Here is the article from the Chicago Herald dated April 25, 2006.
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New Dog, New Trick by Bill Bird, photo by Danielle Gardner
Naperville firefighters Jeremiah Adeszko (from left) and Jim Harding pose for a portrait with Skylar and her owner Chip Haines Monday in the gutted living room of Haines' burned out Naperville home.
NAPERVILLE - Attention, David Letterman: If you're interested, Skylar the Golden Doodle has learned the Stupid Pet Trick to end all  Stupid Pet Tricks.

In a literal case of now you see it, now you don't - and with an unwitting assist from her master, Fred L. "Chip" Haines IV, the golden retriever/poodle mixed breed recently managed to make Haines' kitchen disappear.

The props she would need to re-create her trick would include one kitchen stove top, one ease-to-manipulate burner control and several slices of pizza on a cardboard tray.

Unfortunately, that combination of gadgetry and foodstuffs brought the nearly 3-year-old designer dog into a harrowing brush with death, and reduced part of Haines' house in southwestern Naperville to cinders in the process.

Haines, 32, recently left home one morning for his job with Re/Max Realty on Naperville's far northwest side.  That left Skylar alone in his ranch-style house in the Springbrook Crossings neighborhood.

Surf's Up

Although Haines tries to get out the door at 7:30a.m. sharp on weekdays, the fact he was running five minutes late that morning might have set the stage for his and Skylar's misadventure.

I didn't do my typical sweep through the kitchen to make sure (Skylar) couldn't get at anything." he said.  Skylar, it seems, has a passion for what Haines calls counter surfing.

A short time later, Haines received a phone call at work from Dave Thornton, a longtime friend.  Thornton had gotten a call moments earlier from his friend Andy Orth, an off-duty firefighter for the Lisle-Woodridge Fire Protection District, who had heard a police and fire emergency radio broadcast concerning a fire on Haines' street.

In the meantime, a neighbor, off-duty Woodridge police Officer Mark Chicoine, happened to be driving down Haines' street and smelled what he recognized from experience as the scent of a house on fire.

Chicoine determined the smoke was coming from Haines' home.  He stopped his car, ran to the back of the house, felt intense heat radiating through one of its windows and pulled an outdoor gas barbecue grill away from the building to prevent an explosion.

Back from the dead

Naperville firefighters and police raced to the area following Chicoine's 911 call.  Firefighters broke down a door after learning Skylar was trapped inside, scooping up the unconcious animal from a front room and rushing her outdoors.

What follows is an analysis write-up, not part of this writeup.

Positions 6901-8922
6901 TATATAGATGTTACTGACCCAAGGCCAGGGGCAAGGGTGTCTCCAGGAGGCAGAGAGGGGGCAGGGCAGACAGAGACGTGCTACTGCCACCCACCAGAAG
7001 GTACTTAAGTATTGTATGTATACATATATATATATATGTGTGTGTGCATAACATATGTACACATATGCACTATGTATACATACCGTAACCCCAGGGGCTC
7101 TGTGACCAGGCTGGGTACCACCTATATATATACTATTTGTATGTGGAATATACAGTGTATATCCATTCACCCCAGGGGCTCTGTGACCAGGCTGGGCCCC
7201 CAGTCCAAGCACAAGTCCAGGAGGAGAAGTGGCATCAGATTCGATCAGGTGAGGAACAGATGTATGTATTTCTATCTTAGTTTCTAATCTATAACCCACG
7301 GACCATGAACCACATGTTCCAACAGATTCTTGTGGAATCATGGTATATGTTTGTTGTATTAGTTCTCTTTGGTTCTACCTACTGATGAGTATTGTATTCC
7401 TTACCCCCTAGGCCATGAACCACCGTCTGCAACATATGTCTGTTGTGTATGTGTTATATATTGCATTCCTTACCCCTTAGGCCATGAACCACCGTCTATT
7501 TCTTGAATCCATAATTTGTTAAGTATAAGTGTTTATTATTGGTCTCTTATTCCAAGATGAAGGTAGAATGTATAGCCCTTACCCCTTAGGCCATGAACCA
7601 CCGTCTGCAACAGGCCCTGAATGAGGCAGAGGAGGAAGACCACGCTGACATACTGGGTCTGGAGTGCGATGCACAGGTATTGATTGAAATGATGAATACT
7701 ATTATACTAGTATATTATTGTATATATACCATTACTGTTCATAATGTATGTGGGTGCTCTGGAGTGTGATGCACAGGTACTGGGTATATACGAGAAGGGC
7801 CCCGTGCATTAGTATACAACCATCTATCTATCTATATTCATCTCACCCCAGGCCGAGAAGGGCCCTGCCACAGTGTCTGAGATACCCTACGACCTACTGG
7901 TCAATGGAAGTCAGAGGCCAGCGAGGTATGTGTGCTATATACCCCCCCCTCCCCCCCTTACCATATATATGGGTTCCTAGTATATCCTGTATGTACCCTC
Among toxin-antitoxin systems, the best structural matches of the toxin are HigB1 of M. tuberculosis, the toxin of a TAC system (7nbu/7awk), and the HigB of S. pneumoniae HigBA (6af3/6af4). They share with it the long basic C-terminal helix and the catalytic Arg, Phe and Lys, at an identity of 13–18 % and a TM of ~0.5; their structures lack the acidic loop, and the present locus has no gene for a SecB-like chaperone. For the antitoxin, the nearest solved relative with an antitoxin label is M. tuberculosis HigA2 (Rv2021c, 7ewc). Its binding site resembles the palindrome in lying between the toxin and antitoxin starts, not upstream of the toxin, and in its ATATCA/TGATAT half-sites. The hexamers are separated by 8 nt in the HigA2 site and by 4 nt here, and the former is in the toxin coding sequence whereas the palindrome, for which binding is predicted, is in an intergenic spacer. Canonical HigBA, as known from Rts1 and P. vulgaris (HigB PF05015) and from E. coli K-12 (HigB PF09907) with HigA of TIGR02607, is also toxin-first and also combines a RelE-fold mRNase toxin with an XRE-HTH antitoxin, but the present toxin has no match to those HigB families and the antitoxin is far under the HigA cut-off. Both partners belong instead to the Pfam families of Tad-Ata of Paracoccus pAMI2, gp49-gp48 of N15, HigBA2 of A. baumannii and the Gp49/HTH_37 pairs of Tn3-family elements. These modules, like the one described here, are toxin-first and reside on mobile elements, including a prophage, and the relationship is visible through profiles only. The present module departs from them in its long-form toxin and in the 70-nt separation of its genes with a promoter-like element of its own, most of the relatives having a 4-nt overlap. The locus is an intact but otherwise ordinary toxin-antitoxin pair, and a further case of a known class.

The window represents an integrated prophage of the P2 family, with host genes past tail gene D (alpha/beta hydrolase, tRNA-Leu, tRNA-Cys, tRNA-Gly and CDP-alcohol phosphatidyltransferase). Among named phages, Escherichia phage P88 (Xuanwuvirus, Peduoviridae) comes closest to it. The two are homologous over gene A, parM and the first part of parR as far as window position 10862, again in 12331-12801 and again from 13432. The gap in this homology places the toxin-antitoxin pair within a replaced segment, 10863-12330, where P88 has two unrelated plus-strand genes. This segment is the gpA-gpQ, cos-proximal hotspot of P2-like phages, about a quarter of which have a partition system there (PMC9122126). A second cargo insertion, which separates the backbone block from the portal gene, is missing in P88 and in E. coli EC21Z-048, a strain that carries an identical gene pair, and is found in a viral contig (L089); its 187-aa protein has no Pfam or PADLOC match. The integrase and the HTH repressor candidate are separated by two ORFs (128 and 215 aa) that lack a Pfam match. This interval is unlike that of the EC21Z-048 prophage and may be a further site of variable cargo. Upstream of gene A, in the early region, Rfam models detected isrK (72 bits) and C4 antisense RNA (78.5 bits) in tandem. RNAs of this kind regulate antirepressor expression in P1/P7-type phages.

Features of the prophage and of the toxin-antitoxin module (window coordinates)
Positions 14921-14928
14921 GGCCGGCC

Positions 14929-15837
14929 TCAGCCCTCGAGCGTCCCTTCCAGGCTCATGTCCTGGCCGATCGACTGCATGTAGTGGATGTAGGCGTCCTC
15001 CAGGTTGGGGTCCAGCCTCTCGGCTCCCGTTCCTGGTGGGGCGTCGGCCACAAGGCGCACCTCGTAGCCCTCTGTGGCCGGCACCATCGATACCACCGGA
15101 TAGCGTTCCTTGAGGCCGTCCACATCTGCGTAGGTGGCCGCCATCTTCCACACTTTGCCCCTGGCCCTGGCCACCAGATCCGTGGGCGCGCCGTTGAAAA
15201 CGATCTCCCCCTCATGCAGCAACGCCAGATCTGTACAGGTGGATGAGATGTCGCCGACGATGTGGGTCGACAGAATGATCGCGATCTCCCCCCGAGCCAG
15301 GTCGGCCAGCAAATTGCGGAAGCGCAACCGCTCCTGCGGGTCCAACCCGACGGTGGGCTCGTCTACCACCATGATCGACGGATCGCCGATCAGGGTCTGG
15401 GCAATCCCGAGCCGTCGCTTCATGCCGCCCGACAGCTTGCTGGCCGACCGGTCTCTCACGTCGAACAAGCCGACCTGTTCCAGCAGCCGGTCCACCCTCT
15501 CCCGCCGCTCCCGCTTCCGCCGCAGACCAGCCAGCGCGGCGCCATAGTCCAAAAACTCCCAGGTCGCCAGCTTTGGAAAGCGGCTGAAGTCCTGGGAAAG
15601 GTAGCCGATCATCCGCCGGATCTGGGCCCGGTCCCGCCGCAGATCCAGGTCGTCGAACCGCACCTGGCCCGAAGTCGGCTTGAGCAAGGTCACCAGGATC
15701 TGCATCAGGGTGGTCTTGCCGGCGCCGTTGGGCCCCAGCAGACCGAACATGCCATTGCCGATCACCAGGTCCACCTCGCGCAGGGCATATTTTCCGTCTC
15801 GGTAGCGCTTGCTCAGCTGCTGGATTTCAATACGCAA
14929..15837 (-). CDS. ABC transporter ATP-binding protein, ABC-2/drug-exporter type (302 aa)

Firefighter-paramedics Jeremiah Adeszko and Jim Harding strapped a mask to Skylar's snout and used two bottles of oxygen to revive her.

For the first 10 minutes or so, there was just no change at all in Skylar's condition, Adeszko said.  But then she lifted her head and started wagging her tail.

"Skylar's fur is white, but when I saw her that day, she was literally a black dog" from the fire's soot and ash, Haines said.  A bath restored Skylar's natural looks.

It appears Skylar's innate curiosity, coupled with her master's haste in leaving for work, triggered the chain of events.

Naperville fire investigators formally concurred with that assessment last week, laying the blame for the March 7 blaze almost squarely at Skylar's paws.

The night before the fire, Haines had baked a frozen pizza for dinner.

"I left the four center squares still on top of the cardboard (tray) and bridging the front and back burners of the stove's right side," he said.

Apparently, (Skylar) smelled the pizza and tried to get at it sometime after he left for work the next morning, Haines said.  And apparently, with her paw, she turned the burner on.

The burner ignited the cardboard and pizza, producing flames that spread quickly to a nearby, heavy-duty plastic cutting board and then to the cabinets above the stove, fire officials said.

Haines said the blaze was confined to the kitchen and did what fire officials estimated as $50,000 in structural damage.

Skylar and Haines are temporarily living in Carol Stream with Haines' fiancee, Ginger Whitson.  Haines and Whitson, 37, plan to wed in November and, with luck, move into what by then will be Haines' freshly renovated home.

Since moving in with Whitson, Haines said Skylar has been either unwilling or unable to break herself of her counter-surfing habit.

While steering relatively clear of Whitson's stove so far, Haines admitted Skylar has gotten up on the counter and gotten treats while they've been out.